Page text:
Management of delayed esophageal perforations after anterior cervical spinal surgery

Clinical article

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Object

Delayed esophageal perforation is an uncommon but well-known complication after anterior cervical spine surgery. To the authors' knowledge there is no consensus to the optimal management of these patients in the literature.

Methods

The authors performed a retrospective review of 5 cases involving patients who were referred to their institution for the management of delayed esophageal perforations after undergoing anterior cervical spine surgery for a variety of reasons.

Results

The primary presenting symptom in all 5 patients was dysphagia. All patients initially underwent primary closure of the perforation with a sternocleidomastoid muscle flap. One patient required multiple surgeries to correct the perforation and ultimately required a free flap.

Conclusions

The authors recommend a multidisciplinary approach that involves otolaryngological surgeons as well as spine surgeons. They recommend removal of all anterior hardware and believe that it is essential to the treatment of esophageal perforations. If the patient does not have evidence of fusion at the time of presentation, then posterior cervical instrumentation is a viable alternative.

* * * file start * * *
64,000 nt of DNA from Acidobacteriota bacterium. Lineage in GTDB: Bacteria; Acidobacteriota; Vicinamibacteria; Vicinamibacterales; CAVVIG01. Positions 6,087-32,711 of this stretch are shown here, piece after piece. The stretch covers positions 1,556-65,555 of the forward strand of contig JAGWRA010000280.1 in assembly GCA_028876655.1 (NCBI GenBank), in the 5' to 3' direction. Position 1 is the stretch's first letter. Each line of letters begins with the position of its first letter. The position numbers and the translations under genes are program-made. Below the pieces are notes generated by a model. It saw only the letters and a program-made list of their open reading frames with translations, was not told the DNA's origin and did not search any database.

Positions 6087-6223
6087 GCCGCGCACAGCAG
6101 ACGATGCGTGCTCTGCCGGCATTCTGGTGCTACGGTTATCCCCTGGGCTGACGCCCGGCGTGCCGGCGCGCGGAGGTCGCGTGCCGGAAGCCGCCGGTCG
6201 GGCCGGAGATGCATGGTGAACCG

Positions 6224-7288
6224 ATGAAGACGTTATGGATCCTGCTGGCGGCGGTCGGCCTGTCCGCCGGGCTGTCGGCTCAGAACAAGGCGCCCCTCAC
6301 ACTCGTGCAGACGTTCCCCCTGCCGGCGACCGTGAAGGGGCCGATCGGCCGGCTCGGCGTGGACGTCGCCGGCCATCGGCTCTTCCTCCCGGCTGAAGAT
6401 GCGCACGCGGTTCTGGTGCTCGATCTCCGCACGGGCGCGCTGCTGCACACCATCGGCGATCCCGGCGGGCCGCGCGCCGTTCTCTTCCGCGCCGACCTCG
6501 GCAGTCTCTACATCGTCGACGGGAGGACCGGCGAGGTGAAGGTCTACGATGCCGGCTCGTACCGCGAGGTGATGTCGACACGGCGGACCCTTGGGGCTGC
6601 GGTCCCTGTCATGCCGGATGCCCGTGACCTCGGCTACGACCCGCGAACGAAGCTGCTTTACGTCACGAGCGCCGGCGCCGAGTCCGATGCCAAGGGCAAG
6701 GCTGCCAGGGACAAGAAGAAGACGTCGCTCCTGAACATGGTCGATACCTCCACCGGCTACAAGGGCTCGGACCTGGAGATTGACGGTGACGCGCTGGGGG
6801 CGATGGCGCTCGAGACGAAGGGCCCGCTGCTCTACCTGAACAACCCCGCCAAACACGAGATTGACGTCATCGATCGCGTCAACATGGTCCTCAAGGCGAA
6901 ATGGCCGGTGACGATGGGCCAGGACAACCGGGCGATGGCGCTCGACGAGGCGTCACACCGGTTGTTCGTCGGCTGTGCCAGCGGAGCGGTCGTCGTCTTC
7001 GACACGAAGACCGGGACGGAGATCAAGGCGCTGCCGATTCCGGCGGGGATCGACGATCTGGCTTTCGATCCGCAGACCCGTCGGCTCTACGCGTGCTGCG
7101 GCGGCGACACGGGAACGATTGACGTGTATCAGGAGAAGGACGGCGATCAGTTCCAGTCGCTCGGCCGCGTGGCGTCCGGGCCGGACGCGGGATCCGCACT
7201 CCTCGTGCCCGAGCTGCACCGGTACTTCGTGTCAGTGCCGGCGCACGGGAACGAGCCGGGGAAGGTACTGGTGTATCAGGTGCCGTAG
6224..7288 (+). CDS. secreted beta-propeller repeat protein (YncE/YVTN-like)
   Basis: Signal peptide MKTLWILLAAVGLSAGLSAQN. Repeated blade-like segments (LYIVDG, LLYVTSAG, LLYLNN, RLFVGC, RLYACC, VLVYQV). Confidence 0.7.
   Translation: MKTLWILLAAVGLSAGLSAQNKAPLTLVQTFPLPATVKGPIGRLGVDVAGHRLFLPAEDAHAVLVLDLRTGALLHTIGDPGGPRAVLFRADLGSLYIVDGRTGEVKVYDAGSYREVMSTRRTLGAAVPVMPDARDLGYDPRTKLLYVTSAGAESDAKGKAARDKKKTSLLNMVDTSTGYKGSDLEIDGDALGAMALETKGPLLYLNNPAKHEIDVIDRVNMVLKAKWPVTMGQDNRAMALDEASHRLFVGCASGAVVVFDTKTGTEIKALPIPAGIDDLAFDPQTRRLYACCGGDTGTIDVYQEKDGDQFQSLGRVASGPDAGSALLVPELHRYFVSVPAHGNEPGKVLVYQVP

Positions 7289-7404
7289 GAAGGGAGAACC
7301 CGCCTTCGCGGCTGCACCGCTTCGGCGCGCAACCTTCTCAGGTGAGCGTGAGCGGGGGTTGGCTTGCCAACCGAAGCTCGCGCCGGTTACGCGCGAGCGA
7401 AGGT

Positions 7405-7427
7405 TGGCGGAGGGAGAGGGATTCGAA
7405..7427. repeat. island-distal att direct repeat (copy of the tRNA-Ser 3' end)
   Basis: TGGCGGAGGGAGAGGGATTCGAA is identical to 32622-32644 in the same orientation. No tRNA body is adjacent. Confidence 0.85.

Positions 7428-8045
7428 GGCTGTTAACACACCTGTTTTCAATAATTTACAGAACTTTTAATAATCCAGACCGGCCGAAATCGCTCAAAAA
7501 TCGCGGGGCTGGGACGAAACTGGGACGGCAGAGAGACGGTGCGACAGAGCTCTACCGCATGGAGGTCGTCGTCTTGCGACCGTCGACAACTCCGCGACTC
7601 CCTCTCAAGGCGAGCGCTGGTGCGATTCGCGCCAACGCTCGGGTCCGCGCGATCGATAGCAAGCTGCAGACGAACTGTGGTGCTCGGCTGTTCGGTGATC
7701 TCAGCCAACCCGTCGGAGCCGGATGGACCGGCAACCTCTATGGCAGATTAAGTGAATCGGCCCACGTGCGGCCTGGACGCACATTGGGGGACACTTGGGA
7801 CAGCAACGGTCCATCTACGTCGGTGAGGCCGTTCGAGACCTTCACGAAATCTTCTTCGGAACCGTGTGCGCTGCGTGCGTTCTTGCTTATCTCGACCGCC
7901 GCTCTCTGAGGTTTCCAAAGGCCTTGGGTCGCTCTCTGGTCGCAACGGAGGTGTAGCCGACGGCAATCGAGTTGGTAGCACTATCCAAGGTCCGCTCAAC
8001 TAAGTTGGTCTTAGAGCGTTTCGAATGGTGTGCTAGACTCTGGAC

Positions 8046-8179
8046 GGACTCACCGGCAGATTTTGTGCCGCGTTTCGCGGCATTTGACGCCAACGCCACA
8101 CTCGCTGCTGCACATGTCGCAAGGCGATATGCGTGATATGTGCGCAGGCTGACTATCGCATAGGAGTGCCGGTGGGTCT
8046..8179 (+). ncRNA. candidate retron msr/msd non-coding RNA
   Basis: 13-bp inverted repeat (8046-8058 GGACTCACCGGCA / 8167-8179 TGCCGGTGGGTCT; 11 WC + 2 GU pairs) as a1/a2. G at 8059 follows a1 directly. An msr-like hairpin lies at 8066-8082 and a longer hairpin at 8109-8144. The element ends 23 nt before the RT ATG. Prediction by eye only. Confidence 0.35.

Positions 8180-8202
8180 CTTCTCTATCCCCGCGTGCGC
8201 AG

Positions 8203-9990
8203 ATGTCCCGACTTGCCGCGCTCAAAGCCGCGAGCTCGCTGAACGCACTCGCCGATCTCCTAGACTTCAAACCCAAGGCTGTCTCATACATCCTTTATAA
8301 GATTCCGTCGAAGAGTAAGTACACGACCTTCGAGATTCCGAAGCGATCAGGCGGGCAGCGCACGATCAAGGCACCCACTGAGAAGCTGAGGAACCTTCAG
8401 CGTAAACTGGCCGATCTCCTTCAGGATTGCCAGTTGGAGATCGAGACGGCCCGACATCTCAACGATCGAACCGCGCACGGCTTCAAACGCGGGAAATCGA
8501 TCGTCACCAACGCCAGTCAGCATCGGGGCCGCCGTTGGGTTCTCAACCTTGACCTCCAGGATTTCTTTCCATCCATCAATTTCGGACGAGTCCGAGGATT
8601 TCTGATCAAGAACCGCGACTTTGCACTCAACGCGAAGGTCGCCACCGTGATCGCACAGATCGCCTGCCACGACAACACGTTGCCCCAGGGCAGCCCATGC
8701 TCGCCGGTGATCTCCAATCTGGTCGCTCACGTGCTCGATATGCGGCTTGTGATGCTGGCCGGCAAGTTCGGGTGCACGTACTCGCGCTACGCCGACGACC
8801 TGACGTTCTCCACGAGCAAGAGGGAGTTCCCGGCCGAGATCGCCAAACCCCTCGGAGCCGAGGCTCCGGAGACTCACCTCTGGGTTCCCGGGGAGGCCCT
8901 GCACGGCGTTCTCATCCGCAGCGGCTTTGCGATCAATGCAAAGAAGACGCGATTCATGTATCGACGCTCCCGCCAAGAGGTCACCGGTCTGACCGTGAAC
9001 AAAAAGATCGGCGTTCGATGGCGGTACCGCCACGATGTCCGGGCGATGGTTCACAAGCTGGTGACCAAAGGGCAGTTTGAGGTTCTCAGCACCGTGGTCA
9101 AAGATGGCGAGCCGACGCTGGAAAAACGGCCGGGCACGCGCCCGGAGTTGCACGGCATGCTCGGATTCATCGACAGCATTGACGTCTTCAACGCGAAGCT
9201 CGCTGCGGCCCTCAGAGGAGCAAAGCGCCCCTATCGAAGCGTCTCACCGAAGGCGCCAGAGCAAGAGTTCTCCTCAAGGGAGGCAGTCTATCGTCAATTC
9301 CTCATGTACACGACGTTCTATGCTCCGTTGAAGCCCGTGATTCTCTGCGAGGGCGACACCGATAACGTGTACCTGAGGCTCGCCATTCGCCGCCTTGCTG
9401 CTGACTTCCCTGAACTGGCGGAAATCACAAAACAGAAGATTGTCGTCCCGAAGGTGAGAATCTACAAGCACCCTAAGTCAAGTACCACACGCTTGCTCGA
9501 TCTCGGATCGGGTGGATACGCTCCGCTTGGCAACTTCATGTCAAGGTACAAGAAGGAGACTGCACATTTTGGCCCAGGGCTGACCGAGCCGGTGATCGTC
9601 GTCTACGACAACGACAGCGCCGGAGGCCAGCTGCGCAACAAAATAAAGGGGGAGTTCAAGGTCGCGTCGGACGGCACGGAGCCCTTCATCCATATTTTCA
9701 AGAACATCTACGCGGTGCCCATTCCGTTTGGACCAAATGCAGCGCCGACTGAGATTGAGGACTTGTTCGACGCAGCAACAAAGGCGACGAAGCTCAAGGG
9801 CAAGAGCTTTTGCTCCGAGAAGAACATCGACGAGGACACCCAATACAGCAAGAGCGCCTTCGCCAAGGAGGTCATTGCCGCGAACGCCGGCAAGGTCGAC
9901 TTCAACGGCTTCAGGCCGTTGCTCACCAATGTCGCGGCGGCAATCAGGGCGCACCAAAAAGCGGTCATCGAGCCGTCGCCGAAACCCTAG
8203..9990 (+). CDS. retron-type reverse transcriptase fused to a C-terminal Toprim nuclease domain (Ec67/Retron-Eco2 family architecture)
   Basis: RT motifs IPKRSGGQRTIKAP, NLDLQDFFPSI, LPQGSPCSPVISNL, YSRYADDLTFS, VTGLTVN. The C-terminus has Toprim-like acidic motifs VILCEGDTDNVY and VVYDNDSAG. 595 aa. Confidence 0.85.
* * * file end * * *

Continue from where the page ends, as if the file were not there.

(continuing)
Abbreviations used in this paper: ACDF = anterior cervical discectomy and fusion; SCM = sternocleidomastoid.
Article Information

Contributor Notes

Address correspondence to: Fernando L. Vale, M.D., 2A Columbia Drive, Suite 850, Tampa, Florida 33606. email: fvale@health.usf.edu.

© Copyright 1944-2019 American Association of Neurological Surgeons

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